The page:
Documents obtained by the CBC show that SGI was moving towards mandatory training for truck drivers as recently as this spring, but then reversed course, presumably under the direction of the Sask. Party government. In response to this report and to a recent accident that a driving instructor says mandatory training could have prevented, the Saskatchewan NDP is calling on the government to clarify its position on mandatory trucker training, and commit to implementing such training in the province.
“This is about safety on Saskatchewan highways,” said NDP Leader Ryan Meili. “Legitimate concerns have been raised about drivers getting their license without having undergone any training, and people are looking to this government to act.”
According to an internal SGI memo obtained by the CBC entitled, “Commercial Truck Training — Optional or Mandatory,” mandatory training would result in fewer collisions, and would “increase public confidence in the industry, make Saskatchewan drivers more employable in other provinces, and be easier to implement than a complicated incentive program.”
While both Ontario and Alberta have already moved forward with mandatory truck driver training, SGI Minister Joe Hargrave has said that his government is focused on building consensus on regulatory changes across western Canada, but has declined to voice any support for mandatory trucker training, raising questions around whether Saskatchewan itself might be the holdout voice on mandatory trucker training.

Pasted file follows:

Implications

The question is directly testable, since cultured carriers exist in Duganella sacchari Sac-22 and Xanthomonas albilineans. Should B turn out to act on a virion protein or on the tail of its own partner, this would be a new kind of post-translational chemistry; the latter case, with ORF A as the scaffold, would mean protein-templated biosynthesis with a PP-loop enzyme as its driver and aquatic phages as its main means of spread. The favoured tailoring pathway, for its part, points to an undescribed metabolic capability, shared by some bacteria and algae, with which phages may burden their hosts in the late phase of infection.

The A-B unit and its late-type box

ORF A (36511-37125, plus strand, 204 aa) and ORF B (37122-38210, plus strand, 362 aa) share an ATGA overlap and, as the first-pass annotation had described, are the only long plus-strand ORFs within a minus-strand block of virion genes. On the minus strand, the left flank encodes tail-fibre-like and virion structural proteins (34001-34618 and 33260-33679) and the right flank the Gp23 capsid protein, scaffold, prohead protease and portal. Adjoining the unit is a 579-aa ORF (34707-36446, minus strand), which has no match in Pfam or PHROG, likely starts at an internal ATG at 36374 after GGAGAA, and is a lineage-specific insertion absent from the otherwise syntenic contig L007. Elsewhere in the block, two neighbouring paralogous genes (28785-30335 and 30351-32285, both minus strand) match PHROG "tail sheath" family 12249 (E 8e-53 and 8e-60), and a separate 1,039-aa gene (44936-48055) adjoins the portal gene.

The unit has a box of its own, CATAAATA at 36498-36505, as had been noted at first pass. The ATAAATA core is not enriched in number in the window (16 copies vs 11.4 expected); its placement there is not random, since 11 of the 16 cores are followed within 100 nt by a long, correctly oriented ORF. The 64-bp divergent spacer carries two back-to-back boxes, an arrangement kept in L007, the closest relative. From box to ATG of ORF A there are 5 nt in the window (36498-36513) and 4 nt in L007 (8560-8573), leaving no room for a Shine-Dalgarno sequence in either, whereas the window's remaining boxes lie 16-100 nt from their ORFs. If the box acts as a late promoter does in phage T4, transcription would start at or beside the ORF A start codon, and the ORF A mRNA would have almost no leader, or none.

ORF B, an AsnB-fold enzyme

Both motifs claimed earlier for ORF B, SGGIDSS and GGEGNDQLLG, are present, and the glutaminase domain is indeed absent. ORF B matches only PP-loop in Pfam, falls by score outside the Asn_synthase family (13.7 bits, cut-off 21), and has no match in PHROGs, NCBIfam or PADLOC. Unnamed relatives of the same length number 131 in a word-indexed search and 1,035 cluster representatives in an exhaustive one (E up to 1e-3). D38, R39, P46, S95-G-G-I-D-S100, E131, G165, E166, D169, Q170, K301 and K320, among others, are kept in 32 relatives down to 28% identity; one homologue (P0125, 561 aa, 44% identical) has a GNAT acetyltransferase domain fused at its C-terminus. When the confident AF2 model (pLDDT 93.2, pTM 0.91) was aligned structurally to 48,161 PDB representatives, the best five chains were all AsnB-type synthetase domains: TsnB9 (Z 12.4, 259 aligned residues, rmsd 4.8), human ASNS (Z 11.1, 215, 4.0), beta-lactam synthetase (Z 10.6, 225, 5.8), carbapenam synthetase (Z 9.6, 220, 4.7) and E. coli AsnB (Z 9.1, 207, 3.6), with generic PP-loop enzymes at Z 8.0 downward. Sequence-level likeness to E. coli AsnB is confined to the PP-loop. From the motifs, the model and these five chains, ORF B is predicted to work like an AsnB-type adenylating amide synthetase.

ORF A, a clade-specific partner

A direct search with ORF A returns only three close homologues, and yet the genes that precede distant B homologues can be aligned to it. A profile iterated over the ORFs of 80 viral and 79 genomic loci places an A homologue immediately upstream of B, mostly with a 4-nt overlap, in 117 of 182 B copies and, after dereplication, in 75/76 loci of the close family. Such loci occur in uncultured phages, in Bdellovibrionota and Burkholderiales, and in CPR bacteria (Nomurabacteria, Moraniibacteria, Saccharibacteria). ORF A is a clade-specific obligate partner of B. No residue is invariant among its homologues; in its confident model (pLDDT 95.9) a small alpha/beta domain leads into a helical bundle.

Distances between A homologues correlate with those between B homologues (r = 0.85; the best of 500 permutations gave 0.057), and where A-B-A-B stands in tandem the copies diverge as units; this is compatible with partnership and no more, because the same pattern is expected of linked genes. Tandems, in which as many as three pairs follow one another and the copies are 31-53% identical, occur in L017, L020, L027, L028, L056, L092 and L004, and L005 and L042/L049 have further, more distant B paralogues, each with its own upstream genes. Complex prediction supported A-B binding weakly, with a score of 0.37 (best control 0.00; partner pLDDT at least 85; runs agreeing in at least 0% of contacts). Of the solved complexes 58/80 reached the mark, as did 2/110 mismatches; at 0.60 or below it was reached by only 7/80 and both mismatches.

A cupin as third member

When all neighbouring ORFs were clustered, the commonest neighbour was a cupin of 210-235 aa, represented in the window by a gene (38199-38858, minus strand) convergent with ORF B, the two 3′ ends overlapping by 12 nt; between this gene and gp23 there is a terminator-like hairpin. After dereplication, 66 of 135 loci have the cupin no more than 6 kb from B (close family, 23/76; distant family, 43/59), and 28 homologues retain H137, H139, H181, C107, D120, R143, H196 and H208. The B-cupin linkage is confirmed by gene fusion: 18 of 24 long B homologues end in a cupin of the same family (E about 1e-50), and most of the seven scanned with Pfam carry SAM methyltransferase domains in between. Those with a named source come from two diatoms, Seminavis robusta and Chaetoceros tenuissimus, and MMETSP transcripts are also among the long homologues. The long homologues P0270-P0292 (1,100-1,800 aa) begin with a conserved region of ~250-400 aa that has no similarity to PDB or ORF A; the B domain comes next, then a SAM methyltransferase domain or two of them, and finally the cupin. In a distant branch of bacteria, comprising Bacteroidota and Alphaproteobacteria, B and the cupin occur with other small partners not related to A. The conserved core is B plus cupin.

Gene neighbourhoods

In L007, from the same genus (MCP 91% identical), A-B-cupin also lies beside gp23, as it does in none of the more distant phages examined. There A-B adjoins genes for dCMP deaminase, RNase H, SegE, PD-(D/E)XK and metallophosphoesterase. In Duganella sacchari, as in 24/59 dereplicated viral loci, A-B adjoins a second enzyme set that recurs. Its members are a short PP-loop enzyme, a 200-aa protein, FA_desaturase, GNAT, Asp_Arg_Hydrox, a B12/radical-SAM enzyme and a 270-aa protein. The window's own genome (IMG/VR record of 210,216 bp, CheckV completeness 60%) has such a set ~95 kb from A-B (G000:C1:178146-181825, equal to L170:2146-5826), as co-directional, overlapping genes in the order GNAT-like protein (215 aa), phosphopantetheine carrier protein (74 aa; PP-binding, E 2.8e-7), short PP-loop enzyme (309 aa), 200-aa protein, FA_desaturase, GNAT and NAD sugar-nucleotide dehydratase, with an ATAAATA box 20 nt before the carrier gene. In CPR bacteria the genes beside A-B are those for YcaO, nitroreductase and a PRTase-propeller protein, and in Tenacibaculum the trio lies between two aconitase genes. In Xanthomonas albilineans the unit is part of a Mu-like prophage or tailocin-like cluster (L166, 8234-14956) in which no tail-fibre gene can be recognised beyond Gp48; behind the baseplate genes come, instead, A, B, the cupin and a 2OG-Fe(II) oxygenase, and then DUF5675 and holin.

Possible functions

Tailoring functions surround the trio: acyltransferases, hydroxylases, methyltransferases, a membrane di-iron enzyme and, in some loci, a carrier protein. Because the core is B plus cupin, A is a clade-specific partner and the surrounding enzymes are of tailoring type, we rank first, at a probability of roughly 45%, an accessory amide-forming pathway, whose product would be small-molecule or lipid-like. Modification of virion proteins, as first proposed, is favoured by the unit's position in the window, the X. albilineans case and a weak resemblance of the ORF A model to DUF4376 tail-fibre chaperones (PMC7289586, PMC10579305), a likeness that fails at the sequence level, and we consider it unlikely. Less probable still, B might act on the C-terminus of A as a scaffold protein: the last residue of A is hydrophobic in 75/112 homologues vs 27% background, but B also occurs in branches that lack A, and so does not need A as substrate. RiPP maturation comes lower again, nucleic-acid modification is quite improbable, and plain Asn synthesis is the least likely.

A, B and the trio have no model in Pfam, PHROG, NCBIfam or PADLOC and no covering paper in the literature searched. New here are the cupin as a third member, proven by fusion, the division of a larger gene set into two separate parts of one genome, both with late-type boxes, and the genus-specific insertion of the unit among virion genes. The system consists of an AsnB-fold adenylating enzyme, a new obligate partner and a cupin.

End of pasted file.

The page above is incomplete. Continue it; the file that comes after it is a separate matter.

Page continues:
“In committee Minister Hargrave said that mandatory training is ‘part of the discussion,’ but not necessarily ‘part of the agreement,’” said SGI Critic Nicole Rancourt. “But he neglected to clarify his government’s position on whether mandatory training should be part of an interprovincial agreement. We know where Alberta and Ontario stand because they’re already mandating training and strengthening safety requirements. Where does Saskatchewan stand?”